Muscle rigidity
0002063
Spasticity
Involuntary muscle stiffness, contraction, or spasm
0001257
Percent of people who have these symptoms is not available through HPO
Autosomal dominant inheritance
0000006
Cerebellar atrophy
Degeneration of cerebellum
0001272
Dysmetric saccades
Uncoordinated eye movement
0000641
Gaze-evoked nystagmus
0000640
Hypertonia
0001276
Slow progression
Signs and symptoms worsen slowly with time
0003677

Diagnosis

Making a diagnosis for a genetic or rare disease can often be challenging. Healthcare professionals typically look at a person’s medical history, symptoms, physical exam, and laboratory test results in order to make a diagnosis. The following resources provide information relating to diagnosis and testing for this condition. If you have questions about getting a diagnosis, you should contact a healthcare professional.

Testing Resources

  • The Genetic Testing Registry (GTR) provides information about the genetic tests for this condition. The intended audience for the GTR is health care providers and researchers. Patients and consumers with specific questions about a genetic test should contact a health care provider or a genetics professional.
  • Spinocerebellar Ataxia: Making an Informed Choice about Genetic Testing is a booklet providing information about spinocerebellar ataxia and is available as a PDF document on the University of Washington Medical Center Web site. Click on the title above to view this resource.

    Organizations

    Support and advocacy groups can help you connect with other patients and families, and they can provide valuable services. Many develop patient-centered information and are the driving force behind research for better treatments and possible cures. They can direct you to research, resources, and services. Many organizations also have experts who serve as medical advisors or provide lists of doctors/clinics. Visit the group’s website or contact them to learn about the services they offer. Inclusion on this list is not an endorsement by GARD.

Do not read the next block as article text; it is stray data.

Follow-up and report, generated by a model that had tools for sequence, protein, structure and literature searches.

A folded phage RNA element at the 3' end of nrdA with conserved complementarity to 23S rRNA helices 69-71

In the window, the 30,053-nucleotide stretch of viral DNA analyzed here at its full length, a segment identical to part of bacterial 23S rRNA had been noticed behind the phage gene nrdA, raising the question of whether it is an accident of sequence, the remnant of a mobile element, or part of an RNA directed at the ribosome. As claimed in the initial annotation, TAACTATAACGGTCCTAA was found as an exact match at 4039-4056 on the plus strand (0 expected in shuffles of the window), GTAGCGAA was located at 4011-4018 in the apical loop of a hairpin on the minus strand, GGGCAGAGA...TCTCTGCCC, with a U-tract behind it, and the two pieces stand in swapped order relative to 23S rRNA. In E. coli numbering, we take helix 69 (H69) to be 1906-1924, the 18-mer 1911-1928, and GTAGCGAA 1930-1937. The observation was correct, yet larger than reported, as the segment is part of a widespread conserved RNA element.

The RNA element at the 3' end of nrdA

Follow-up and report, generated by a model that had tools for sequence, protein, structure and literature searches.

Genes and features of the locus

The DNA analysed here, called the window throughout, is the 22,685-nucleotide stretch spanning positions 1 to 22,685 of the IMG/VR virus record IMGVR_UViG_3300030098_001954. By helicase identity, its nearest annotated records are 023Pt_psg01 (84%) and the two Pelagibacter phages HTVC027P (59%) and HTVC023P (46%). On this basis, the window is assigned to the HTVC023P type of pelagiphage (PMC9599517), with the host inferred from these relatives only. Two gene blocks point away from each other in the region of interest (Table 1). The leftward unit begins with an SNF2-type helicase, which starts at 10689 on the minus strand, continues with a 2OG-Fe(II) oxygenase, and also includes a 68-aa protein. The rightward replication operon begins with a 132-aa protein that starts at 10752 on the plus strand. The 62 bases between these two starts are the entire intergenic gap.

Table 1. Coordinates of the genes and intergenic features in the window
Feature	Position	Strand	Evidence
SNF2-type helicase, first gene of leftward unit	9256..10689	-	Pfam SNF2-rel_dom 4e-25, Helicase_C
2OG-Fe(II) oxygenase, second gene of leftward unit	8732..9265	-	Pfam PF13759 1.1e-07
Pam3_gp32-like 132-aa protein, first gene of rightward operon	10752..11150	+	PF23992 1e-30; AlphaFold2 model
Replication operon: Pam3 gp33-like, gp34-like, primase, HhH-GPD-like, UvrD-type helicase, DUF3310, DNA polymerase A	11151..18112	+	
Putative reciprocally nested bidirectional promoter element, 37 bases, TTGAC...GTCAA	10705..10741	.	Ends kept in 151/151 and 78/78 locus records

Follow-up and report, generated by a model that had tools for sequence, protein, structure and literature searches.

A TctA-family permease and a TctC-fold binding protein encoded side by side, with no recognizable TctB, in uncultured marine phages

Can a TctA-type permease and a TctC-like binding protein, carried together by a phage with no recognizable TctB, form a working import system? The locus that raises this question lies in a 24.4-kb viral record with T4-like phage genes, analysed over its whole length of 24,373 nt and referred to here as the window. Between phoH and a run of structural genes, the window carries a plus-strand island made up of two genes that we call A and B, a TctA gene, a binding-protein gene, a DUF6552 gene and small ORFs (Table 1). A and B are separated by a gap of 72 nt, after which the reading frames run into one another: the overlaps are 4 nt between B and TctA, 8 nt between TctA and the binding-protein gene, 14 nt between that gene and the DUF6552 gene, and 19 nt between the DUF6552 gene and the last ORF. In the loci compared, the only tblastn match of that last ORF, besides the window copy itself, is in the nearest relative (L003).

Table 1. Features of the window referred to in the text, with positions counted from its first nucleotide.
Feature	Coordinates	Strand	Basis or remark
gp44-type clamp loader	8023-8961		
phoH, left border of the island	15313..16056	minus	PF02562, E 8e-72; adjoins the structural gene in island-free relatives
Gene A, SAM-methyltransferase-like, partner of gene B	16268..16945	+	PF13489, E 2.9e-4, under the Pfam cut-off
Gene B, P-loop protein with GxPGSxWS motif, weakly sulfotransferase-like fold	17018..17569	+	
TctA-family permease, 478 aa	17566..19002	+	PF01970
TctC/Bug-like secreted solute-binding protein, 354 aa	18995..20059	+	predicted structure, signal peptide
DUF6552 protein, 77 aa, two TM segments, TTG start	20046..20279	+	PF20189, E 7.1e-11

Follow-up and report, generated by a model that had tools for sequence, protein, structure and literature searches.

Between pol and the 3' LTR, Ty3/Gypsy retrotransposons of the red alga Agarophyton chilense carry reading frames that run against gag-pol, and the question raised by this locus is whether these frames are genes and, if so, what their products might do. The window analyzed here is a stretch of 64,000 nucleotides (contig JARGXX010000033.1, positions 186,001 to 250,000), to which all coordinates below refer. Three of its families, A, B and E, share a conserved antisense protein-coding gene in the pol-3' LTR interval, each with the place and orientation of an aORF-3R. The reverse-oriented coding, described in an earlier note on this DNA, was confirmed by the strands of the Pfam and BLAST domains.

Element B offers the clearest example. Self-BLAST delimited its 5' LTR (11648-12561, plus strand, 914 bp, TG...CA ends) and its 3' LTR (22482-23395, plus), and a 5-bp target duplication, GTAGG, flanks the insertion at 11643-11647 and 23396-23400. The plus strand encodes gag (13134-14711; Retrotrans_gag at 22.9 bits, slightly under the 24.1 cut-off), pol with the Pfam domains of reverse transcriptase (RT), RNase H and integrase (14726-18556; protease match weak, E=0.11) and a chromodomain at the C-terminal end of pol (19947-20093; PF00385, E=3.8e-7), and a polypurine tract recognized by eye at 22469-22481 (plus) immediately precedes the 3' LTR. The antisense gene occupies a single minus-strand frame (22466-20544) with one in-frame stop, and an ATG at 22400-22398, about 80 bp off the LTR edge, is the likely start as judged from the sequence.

Organizations Supporting this Disease

      Learn more

      These resources provide more information about this condition or associated symptoms. The in-depth resources contain medical and scientific language that may be hard to understand. You may want to review these resources with a medical professional.

      Where to Start

        In-Depth Information

        • GeneReviews provides current, expert-authored, peer-reviewed, full-text articles describing the application of genetic testing to the diagnosis, management, and genetic counseling of patients with specific inherited conditions.
        • The Monarch Initiative brings together data about this condition from humans and other species to help physicians and biomedical researchers. Monarch’s tools are designed to make it easier to compare the signs and symptoms (phenotypes) of different diseases and discover common features. This initiative is a collaboration between several academic institutions across the world and is funded by the National Institutes of Health. Visit the website to explore the biology of this condition.
        • Online Mendelian Inheritance in Man (OMIM) is a catalog of human genes and genetic disorders. Each entry has a summary of related medical articles. It is meant for health care professionals and researchers. OMIM is maintained by Johns Hopkins University School of Medicine. 
        • Orphanet is a European reference portal for information on rare diseases and orphan drugs. Access to this database is free of charge.
        • PubMed is a searchable database of medical literature and lists journal articles that discuss Spinocerebellar ataxia 28. Click on the link to view a sample search on this topic.

          References

          1. Brussino A, Brusco A, and Dürr A. Spinocerebellar Ataxia Type 28. GeneReviews. February 7 2013; https://www.ncbi.nlm.nih.gov/books/NBK54582/.
          2. Mariotti C, Bella DD, Di Donato S, and Taroni F. Spinocerebellar Ataxia Type 28. Handb Clin Neurol. 2012; 103:575-579. https://www.ncbi.nlm.nih.gov/pubmed/21827917.
          3. Qu J, Wu CK, Zuzuárregui JR, and Hohler AD. A novel AFG3L2 mutation in a Somalian patient with spinocerebellar ataxia type 28. J Neurol Sci. November 15 2015; 358(1-2):530-531. https://www.ncbi.nlm.nih.gov/pubmed/26454370.